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"Thermoply" applications ?

"Thermo-ply" is an interesting material, less than 1/8" thick and sold as a structural sheathing that can replace OSB as an air barrier etc. I'm considering it as my main air barrier in my thick walls, as a web in Larsen like trusses, under my roof trusses both to support the cellulose above and as the air barrier over a service cavity' and as "tie" plates and around window & door openings for my double wall. My walls will have the primary air barrier on the outer face of an inner 2x4 wall with 2x4 top and bottom plates and an outer wall made of Larsen like trusses for studs. The inner wall is "structural" and sits on the foundation while the outer wall is "proud" of the foundation and is cantilevered over a conventional masonry brick exterior of the foundation. The "Larsen like trusses" consist of 2 ea. 2x2s spaced 3 1/2 " apart and glued & stapled , on one side, to a strip of Thermoply that is 7" wide the space between the 2x2's is filled with a 1 1/2" x 3 1/2" strip of mineral wool. The two walls are tied to each other by strips of Thermoply at their tops and bottoms, for the inner wall this is an extra top and bottom plate, however for the outer wall it is the only top and bottom plate. I plan on using a 24" OC staggered layout. The construction sequence is, one segment at a time: frame the inner wall, add the Thermoply sheathing layer, tape the seams, cut the openings add the top and bottom tie plates and "rims" around the openings, tape the sheathing to the tie plates and "rims", construct the outer wall nailing the pre-built insulated trusses to the tie plates, add the outer 7" of mineral wool between the truss-studs. The wall segments are erected sequentially with caulking and sealing to the previously erected segments. Once the wall, or any of it's segments is vertical additional nailing/stapling of the outer wall trusses to the Thermoply can be done if needed. Once erected the exteror UN-SHEATHED mineral wool filled walls will be covered by a moisture permeable "housewrap" then DC14 drainage mat XPS, then either "Hardieboard" or Ambrico EZ wall panels and attached thin brick. What do YOU think?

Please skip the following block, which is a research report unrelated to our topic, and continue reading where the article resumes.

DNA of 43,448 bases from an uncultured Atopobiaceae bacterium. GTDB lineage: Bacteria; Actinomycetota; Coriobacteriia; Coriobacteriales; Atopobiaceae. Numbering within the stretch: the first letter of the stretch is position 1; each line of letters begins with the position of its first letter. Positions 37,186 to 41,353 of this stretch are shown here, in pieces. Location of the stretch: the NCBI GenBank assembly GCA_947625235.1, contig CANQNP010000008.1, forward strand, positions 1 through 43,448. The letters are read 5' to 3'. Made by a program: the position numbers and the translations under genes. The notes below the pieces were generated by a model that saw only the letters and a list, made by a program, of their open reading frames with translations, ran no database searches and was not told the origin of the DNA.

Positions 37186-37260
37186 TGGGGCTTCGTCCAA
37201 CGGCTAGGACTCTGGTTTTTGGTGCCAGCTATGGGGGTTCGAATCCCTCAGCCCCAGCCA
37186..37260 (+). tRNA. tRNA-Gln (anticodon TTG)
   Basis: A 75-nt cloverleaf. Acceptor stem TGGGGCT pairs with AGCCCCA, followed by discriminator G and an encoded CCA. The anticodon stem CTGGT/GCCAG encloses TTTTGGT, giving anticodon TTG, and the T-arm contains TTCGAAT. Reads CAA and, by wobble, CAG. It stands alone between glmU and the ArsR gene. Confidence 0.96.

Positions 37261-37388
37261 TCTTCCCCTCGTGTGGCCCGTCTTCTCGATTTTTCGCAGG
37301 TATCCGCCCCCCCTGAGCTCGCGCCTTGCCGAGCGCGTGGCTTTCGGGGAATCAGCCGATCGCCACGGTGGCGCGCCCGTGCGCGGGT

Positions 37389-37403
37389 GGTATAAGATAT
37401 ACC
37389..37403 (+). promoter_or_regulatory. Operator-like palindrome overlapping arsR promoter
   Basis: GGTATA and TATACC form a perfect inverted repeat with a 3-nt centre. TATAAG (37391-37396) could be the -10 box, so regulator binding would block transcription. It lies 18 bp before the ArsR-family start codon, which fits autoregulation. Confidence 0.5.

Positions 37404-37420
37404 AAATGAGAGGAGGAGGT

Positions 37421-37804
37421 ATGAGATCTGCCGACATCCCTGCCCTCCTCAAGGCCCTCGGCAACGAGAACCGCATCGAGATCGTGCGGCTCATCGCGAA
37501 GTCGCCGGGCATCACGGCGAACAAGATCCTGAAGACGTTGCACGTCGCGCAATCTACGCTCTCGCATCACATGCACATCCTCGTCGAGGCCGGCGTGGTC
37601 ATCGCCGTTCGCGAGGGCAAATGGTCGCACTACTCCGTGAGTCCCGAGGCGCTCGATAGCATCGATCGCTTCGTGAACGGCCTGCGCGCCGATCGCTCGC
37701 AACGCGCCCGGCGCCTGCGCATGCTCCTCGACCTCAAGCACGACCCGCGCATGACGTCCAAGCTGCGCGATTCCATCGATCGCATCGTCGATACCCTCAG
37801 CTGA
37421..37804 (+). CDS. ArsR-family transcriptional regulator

Asked by Jerry Liebler
Posted Sep 12, 2017 10:58 AM ET

Tags:

1.

For structural applications it has to be nailed 3" o.c. to the framing, both perimeter& field, which is a LOT of nailing!

See:

I'm not convinced it's sufficiently structural for use as truss gussets or tying the tops of double studwalls together. It's pretty bendy stuff compared to half-inch OSB- take a peek at the vidi at about the 49 second mark. You'd probably need to install 2x framing every 16-24" between the top plates as nailers for the Thermo-Ply to have sufficient strength, in which case the Thermo-Ply would simply be redundant (or an air-barrier.)

Also at <0.6 perms it's a Class-II vapor retarder, so it's important to pay attention to where it is in the wall stackup for dew point control.

Answered by Dana Dorsett
Posted Sep 12, 2017 11:27 AM ET
Edited Sep 12, 2017 11:29 AM ET.

2.

IMO, anyone using ThermoPly for structural sheathing is asking for trouble. See this report, ThermoPly plus crappie construction equals massive failures. See APA documents about TX building failures from their website. Document downloads are free if you register.

Answered by Armando Cobo
Posted Sep 12, 2017 12:11 PM ET
Edited Sep 12, 2017 12:29 PM ET.

3.

Thank you for the quick responses! I really am not convinced for the tie plates,d window&door perimeters plywood is "right" for these. Also for the main wall sheathing, on the outer face of the inner 2x4 wall, the vapor control and added rigidity makes OSB a better choice. But for the ceiling air barrier I do believe the advantage goes to the Thermoply. Leaving the "webs" for modified Larsen trusses. The primary function of this web is to transfer vertical loading on the outer truss chord to the inner truss chord by "racking" the "panel". The panel is 3 1/2" wide and 9'6" tall and 0.113" thick. Such racking produces a shear stress in the vertical cross sectional area of the panel. That vertical area is 0.113" x 114"= 12.9 square inches! A 100 pound load transfer results in a stress of under 8 PSI.

Answered by Jerry Liebler
Posted Sep 12, 2017 5:47 PM ET

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